kitchen table math, the sequel: LA Times Teacher Rankings

Friday, August 20, 2010

LA Times Teacher Rankings

Marginal Revolution has a post about the recent LA Times teacher rankings here.

I'm interested to see what the fallout of this will be. Will other towns crunch the same data?

From Alex Tabarraok's commentary from the link:

I don't blame the unions for being up in arms and I feel for the teachers, for some of them this is going to be a shock and an embarrassment. We cannot simultaneously claim, however, that teachers are vitally important for the future of our children and also that their effectiveness should not be measured. As systems like this become more common students will benefit enormously and so will teachers.

They are already finding a few "Beloved Teacher Mrs. X"s who are ending up in the bottom 10%. But, we're told, that's okay, because they teach valuable "critical thinking" skills that are not measured on the tests.


Catherine Johnson said...

Terrific quote from Tabarrok - thanks!

I haven't read the earlier post yet (just back in town) so maybe you've all discussed this.

I was surprised to see an enormously popular teacher came in so low --

Catherine Johnson said...

I left this comment at Marginal Revolution:

There is a great deal of research on effective teaching - and on the importance of ***curriculum*** - that is simply ignored by the education world.

See, e.g., research by Barak Rosenshine.

Or the work of Siegfried Engelmann.

Or the work of Morningside Academy in Seattle, which guarantees parents that their child will make two years of progress in his weakest area in 1 year or tuition is refunded.

The techniques Doug Lemov describes in Teach Like a Champion - an incredible book - are not new. They are simply not taught by education schools.

Lemov's champion teachers had to reinvent the wheel.

Anonymous said...

There has been some interesting discussion and extra pointers to information in the comments on my blog post

TerriW said...

Hey, look, I'm an idiot, this was already posted about. Of course it was -- but how did I miss it? Heh.

Anywhoo, I do like AT's commentary on it, so I'm glad I got that up.

Anonymous said...

"I was surprised to see an enormously popular teacher came in so low"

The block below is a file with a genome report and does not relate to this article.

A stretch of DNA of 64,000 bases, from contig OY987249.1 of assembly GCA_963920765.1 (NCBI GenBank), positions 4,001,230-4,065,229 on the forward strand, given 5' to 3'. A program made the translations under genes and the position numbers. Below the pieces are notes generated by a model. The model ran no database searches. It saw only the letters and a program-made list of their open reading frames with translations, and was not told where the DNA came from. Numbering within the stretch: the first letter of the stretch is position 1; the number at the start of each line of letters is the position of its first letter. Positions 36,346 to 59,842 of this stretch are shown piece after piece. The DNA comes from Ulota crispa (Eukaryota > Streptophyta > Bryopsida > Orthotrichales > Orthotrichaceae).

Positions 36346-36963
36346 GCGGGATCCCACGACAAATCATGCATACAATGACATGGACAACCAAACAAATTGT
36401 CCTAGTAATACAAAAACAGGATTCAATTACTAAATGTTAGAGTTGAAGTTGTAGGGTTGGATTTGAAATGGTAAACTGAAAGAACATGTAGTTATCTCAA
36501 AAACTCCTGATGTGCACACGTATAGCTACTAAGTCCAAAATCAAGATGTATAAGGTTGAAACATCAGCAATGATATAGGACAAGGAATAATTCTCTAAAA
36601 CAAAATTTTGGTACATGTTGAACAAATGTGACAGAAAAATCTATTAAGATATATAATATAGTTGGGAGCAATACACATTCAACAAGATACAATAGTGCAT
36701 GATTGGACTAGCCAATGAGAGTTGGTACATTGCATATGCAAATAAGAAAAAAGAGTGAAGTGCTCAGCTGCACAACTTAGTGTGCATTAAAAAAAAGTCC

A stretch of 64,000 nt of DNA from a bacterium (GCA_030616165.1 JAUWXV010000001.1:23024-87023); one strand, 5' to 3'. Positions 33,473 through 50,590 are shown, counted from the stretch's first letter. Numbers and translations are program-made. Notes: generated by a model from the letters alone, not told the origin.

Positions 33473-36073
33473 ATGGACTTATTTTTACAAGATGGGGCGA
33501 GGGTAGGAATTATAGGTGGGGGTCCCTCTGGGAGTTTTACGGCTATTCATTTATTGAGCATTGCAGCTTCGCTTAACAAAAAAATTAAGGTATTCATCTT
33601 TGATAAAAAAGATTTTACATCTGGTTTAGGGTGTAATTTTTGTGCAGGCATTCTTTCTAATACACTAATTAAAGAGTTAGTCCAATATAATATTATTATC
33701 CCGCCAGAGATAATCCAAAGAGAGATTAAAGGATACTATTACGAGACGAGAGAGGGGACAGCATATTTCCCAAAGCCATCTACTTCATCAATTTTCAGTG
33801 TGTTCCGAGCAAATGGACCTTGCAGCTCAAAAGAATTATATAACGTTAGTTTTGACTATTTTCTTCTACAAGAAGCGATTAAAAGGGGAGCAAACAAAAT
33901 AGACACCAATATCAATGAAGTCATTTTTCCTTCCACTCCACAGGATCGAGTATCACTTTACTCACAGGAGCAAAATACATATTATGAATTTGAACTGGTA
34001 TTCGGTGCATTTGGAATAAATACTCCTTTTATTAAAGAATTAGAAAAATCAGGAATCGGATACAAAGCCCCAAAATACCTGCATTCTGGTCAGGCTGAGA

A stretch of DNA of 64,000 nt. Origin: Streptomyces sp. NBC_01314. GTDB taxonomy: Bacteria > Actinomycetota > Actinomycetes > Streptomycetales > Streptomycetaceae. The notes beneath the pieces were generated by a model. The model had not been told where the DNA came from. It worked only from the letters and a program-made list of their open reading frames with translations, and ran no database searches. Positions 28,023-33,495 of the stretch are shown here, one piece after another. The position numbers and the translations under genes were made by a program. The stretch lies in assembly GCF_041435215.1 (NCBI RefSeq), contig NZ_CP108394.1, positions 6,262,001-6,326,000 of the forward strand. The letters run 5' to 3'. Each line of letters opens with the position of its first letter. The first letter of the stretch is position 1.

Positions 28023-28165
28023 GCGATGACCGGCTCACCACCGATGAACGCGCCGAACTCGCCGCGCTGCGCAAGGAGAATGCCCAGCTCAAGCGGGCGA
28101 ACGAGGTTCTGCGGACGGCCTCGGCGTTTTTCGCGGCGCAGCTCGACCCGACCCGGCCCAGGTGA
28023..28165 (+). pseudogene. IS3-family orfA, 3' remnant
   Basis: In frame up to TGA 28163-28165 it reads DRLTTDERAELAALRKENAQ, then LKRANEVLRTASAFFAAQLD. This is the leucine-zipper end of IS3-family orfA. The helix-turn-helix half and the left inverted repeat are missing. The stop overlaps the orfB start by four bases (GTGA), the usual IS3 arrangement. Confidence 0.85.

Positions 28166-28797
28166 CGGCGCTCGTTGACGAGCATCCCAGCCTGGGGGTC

Well, let me suggest a possibility (by analogy). I don't think that this is what is happening, but still ...

So ... I am becoming convinced that one of the big problems (maybe *the* big problem) that kids have when taking calculus is that it is the very first time they *really* need to understand how real numbers work. The obvious thing to do is to spend more time earlier on working through the weirdness that is the real numbers.

Since I'm homeschooling, we can do this, and I'm not going to freak out if the standard curriculum gets held up (and don't read too much into this ... right now the primary effort is spending time on number systems in a kinda formal way ... kinda).

But, if this is/was a normal school, the time spent on non-standard-curriculum stuff only counts against the measured progress.

Maybe this is happening here. A bit less time spent memorizing vocabulary, a bit more time actually writing.

I don't know, and my guess is, "not", but if a teacher with this good a reputation scores poorly, I'd want to investigate further. It may well be the test.

-Mark Roulo

Allison said...

I had a totally different take on why a beloved teacher would score poorly. I'm not at all surprised that parents can't tell a teacher who raises test scores because by and large, they use happy children as a proxy for a good teacher.

So, a happy child is one that isn't made to feel terrible, isn't having trouble dealing with school or tests or homework, isn't having trouble socially. They feel good. But feelings don't equate to feeling good about accomplishing something academically difficult.

And nearly all children, like nearly all adults, would rather get out of something than be forced out of their comfort zone.

Eating intellectual twinkies and watching movies fits that bill. But it's terrible for the child. However, how would the child know that? If they receive lots of praise and lots of encouragement, but the bar is outrageously low, how would a person not in the classroom day-in-day-out notice?

Allison said...


The world of real numbers is made more weird by teachers never telling students that they've been dealing only with rational numbers. That's a big problem: school math doesn't separate the reals from the rationals at all explicitly, even though they make use of rational numbers to make proofs work. Wu calls it the Fundamental Assumption of School Mathematics, and it's really terrible that high schools don't do more to explicitly clarify the assumption.

I think you're right, that we need to slow down. I'm more and more convinced that acceleration is a dangerous method of trying to improve mathematics ed. But it's an understandable one. Again, parents can't see what a good math program is, so they take as proxy that a child getting to more sophisticated math earlier is a better program. Schools are happy to encourage this notion. We'd be better off teaching a real year of trigonometry, and year of analytic geometry, some number theory, etc. so kids were more familiar with functions, with numbers, with mathematical arguments and giving more time to students to get ready for calc.

Anonymous said...